Poplar trees have developed a bad reputation despite being one of the only native shade trees to thrive in the prairies. Since they have evolved here for thousands of years, they are very well adapted to our extreme climate, grow quickly and are excellent shade providers. Poplars are also very low maintenance, resistant to insects and disease, good as windbreaks, and great at reducing noise pollution.
There are many misconceptions surrounding poplar trees. The Parks department values all healthy mature trees and works diligently to maintain them. A tree will only be cut down by the City if it is dead, dying, infested with insects or disease, or if it is causing a safety issue.
Fiction: Poplar “fluff” causes allergies.
Fact: The fluff is actually carrying the seeds of the female poplar tree and is far too large to trigger an allergic reaction. Allergies are actually caused by microscopic pollen grains from grasses suspended in the air around the same time the poplar fluff is in the air.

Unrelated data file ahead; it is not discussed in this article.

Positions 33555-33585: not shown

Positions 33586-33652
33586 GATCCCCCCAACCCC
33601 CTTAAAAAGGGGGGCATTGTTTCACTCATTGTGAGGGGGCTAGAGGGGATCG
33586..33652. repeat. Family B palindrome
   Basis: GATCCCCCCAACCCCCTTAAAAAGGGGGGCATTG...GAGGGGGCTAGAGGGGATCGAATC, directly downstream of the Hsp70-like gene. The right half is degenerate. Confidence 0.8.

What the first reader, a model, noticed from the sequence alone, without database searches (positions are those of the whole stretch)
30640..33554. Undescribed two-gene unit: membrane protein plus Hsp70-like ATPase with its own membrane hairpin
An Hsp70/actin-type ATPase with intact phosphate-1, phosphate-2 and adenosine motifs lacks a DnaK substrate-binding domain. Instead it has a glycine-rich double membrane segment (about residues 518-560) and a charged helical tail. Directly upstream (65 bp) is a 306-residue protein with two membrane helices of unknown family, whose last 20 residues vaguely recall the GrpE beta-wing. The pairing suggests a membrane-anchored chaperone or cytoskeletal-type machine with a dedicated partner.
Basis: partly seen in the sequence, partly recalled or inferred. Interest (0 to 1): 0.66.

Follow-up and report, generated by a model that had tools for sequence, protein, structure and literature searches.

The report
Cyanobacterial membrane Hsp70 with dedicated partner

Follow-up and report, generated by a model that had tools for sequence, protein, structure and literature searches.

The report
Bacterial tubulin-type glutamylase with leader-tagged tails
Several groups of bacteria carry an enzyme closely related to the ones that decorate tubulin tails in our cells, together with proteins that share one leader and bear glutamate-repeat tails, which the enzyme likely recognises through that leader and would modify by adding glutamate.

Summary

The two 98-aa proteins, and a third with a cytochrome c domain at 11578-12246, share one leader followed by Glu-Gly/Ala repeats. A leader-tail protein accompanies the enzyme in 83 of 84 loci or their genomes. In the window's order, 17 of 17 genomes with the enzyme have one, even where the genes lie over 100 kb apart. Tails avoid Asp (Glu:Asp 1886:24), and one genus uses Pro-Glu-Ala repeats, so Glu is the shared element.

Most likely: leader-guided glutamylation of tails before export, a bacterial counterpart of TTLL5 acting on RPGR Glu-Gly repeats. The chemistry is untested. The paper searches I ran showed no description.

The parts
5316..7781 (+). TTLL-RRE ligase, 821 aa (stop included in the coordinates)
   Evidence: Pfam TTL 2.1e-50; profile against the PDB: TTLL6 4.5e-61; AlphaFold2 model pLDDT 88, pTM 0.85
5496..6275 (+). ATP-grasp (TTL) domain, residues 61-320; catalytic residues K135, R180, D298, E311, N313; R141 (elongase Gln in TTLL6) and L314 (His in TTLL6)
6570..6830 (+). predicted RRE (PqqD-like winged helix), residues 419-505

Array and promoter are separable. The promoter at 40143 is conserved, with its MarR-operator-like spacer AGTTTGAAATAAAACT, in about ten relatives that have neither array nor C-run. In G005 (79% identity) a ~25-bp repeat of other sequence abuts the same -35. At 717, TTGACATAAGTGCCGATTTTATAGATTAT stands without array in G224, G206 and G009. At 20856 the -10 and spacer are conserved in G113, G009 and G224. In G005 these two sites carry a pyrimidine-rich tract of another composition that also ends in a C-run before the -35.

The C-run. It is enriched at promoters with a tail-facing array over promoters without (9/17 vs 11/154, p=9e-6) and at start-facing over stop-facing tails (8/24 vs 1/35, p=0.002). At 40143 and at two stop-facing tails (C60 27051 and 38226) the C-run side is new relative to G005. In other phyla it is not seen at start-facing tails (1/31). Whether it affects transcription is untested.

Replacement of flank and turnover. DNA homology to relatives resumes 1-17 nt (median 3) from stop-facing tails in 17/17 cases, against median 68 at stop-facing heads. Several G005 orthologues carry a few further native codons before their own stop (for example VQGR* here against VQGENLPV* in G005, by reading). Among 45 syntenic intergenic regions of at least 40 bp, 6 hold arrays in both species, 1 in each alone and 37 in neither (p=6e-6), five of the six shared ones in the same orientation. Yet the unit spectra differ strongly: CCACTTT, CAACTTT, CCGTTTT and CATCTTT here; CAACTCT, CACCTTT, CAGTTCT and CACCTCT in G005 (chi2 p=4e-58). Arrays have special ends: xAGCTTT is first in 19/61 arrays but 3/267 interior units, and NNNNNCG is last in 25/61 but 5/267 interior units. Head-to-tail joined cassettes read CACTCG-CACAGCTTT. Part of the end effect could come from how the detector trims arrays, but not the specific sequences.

Fiction: Poplar roots will destroy my foundation, and water and sewer lines.
Fact: Tree roots will only grow where water and air are available. If the water line or foundation is cracked, roots may take advantage of the space and grow into the existing fault. While it is true that poplar roots used to be a problem for older lines that were constructed out of clay tiles, current lines are made of metal or plastic which are impenetrable by tree roots when in good condition.
Fiction: Poplars are short lived trees that need to be cut down after only a few years.
Fact: While they do have a shorter lifespan than some species, they can usually survive in an urban setting for up to a hundred years.